Q&A with Lean Manufacturing Expert

Consultant Darren Dolcemascolo Covers a Few Lean Manufacturing Issues

Reduced waste, enhanced production efficiency, and improved quality are just a few of the many benefits realized by companies that adopt lean-manufacturing principles. Consultant Darren Dolcemascolo, an expert on lean manufacturing, will explore how specialty graphics producers can incorporate lean methods into their own business models during his presentation at the next Signage and Graphics Summit, Jan. 26-28, 2009, at Rancho Bernardo Inn, San Diego, CA. Here’s a preview of some of the issues he will cover:

SGS: Why should a company prioritize becoming leaner and more efficient today? Don’t many executives tend to back-burner new initiatives like this in uncertain economic times?

DD: Some executives tend to put improvement initiatives like lean on the back-burner when times get tough because they are not viewed as critical, but others, who have a longer term view, seize the opportunity to make improvements when the economy is bad. Lean can help companies navigate a bad economy in three ways:

• Lean implementation results in a shorter lead-time and lower inventory; this frees up of cash (through inventory reduction) and faster response time to the customer.

• Lean thinking results in greater productivity—the ability to produce more value with the same or fewer resources, driving down production costs.

• Lean thinking improves quality. Better quality results in greater customer satisfaction and efficiency.

Each of these key benefits enables a company to grow during tough times while simultaneously freeing up cash and driving costs down.

SGS: What’s the most common reason businesses don’t get the results they expect from a lean program?

DD: The most common reason lean initiatives fail is company leadership teams not understanding what lean is. Many times, management views lean as a project that someone in the organization can be tasked with implementing. In reality, lean is a culture change that requires active leadership and all-employee involvement. If the leadership team of an organization is committed to lean and actively involved in the initiative, success is inevitable. Company leadership must communicate a lean vision to all employees, teach them the lean principles, and get them involved.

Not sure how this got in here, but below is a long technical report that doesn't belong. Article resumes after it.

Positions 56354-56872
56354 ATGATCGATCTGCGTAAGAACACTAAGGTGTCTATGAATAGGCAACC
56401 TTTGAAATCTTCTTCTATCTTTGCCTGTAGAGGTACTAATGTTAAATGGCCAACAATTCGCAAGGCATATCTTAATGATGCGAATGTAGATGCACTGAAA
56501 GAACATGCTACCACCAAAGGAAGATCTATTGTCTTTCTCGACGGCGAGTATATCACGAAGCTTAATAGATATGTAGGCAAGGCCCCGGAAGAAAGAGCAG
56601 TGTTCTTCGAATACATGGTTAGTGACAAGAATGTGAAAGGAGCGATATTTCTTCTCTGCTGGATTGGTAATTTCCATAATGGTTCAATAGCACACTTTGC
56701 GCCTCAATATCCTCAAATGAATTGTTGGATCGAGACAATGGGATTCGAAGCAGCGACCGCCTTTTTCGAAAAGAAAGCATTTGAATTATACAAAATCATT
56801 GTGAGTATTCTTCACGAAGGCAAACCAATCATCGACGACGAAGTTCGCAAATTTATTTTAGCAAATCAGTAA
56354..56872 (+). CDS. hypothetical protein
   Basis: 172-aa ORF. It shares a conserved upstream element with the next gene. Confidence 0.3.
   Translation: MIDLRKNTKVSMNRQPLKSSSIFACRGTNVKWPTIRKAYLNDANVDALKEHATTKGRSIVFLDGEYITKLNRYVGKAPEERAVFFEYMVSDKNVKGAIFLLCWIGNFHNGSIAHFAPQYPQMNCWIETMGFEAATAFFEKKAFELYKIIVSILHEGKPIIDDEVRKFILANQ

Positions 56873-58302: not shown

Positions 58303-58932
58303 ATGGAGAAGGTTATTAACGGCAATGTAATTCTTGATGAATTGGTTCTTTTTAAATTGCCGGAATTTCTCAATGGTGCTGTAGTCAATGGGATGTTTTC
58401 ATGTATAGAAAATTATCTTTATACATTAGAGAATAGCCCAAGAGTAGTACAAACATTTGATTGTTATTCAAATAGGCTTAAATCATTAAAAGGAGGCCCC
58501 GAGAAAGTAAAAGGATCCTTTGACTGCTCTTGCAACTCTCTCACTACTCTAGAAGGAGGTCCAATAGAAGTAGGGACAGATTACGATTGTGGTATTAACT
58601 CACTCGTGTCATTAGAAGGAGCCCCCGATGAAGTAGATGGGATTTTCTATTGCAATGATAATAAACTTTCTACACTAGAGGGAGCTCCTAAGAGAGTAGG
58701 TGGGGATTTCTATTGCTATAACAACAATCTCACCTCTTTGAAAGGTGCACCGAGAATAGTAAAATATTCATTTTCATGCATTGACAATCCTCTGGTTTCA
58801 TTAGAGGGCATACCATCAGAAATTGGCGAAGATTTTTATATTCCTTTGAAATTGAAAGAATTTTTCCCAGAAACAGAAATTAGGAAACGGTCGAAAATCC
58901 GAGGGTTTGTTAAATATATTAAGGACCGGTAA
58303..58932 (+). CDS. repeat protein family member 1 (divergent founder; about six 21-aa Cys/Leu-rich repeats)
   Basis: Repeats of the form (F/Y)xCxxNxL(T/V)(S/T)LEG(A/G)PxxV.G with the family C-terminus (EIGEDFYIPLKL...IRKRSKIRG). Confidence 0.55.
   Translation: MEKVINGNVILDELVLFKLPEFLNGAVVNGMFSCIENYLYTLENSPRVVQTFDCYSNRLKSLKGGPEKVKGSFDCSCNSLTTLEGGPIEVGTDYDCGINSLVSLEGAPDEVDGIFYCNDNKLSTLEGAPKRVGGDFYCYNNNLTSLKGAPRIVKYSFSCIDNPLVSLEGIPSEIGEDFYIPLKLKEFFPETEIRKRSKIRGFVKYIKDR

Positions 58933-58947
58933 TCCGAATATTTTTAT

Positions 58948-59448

SGS: You’ve worked with a few companies in the sign industry. Did you notice anything about their operations that lend themselves to lean manufacturing principles?

DD: Yes, two things in particular: Sign companies have a complex pre-production process that affects delivery time to the customer, and they have a job-shop production environment. Lean isn’t just about eliminating waste. It also brings value to the customer by giving them the products they want when they want them, and not on a schedule dictated by manufacturing. This has two ramifications for sign companies.

1. They must focus on reducing the time from when the customer places the order, to the point when production of the job begins. Many times, the pre-production processes take so much of the promised lead time that little time is left to actually produce the product.

2. In the production area, sign companies must focus on creating flexible manufacturing capabilities that will allow them to move resources where they need to be to produce what customers want on demand and with the least amount of waste.


Darren Dolcemascolo is senior partner and co-founder of EMS Consulting Group. He is an internationally recognized lecturer, author, and consultant on lean-manufacturing principles.

For more information about the Signage and Graphics Summit and Dolcemascolo’s presentation, visit www.signageandgraphics.com.


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